A “new” study, Intermarriage: The Impact and Lessons of Taglit-Birthright Israel, is being publicized on the impact of Birthright Israel on intermarriage. I put “new” in quotations because the study was prepared in November 2010. It apparently was published online by Contemporary Jewry then (I didn’t see it at the time), but the print version of the November 2010 journal is just being delivered, so the study is now getting some mention.
I’ve blogged before previous studies about Birthright Israel and intermarriage and the significance of Jewish wedding ceremonies. The new study is important for focusing on intermarriage and collecting observations that have previously been made. The main conclusions of the new study reiterate that participation in Birthright Israel is associated with significantly greater probability of non-Orthodox trip participants being married to a Jew, and with increased importance placed upon raising Jewish children.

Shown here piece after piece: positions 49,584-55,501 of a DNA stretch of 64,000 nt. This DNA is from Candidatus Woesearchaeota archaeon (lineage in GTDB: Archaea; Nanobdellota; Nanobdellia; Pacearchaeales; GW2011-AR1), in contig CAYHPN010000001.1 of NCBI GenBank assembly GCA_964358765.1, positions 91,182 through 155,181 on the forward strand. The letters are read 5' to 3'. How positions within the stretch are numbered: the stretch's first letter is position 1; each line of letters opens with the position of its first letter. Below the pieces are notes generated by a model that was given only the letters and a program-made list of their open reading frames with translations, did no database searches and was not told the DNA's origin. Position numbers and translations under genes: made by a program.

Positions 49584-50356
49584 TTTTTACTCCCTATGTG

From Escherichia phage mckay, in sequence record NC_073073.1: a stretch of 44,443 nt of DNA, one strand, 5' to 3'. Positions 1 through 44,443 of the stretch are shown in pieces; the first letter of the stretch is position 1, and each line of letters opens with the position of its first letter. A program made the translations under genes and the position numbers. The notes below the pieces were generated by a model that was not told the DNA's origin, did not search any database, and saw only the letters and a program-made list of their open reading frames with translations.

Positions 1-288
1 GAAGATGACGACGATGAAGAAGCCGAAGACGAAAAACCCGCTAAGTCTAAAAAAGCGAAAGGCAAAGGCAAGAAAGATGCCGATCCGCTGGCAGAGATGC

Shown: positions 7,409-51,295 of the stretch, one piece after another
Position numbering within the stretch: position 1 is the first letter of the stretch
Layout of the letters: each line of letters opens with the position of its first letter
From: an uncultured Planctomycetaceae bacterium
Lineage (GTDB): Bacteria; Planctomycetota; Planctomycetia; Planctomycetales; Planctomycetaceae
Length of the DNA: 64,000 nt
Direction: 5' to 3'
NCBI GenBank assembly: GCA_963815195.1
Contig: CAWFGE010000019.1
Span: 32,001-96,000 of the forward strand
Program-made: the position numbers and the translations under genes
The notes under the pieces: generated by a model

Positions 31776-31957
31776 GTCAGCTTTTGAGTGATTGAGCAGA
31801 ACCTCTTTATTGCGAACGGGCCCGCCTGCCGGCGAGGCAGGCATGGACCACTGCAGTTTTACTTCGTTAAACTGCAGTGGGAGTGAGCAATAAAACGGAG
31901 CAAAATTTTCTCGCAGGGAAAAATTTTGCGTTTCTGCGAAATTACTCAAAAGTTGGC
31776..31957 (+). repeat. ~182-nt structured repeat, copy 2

The study notes positive impacts of the trip on people involved in intermarriage: trip participants who were intermarried were nearly three times as likely as non-participants who were intermarried to think raising children as Jews was “very important,” and trip participants who themselves had intermarried parents, “rather than being lost to Jewish life,… appear to be particularly susceptible to informal Jewish education…”
For me this report is most interesting for its description of the “inreach” and “outreach” advocates and this conclusion: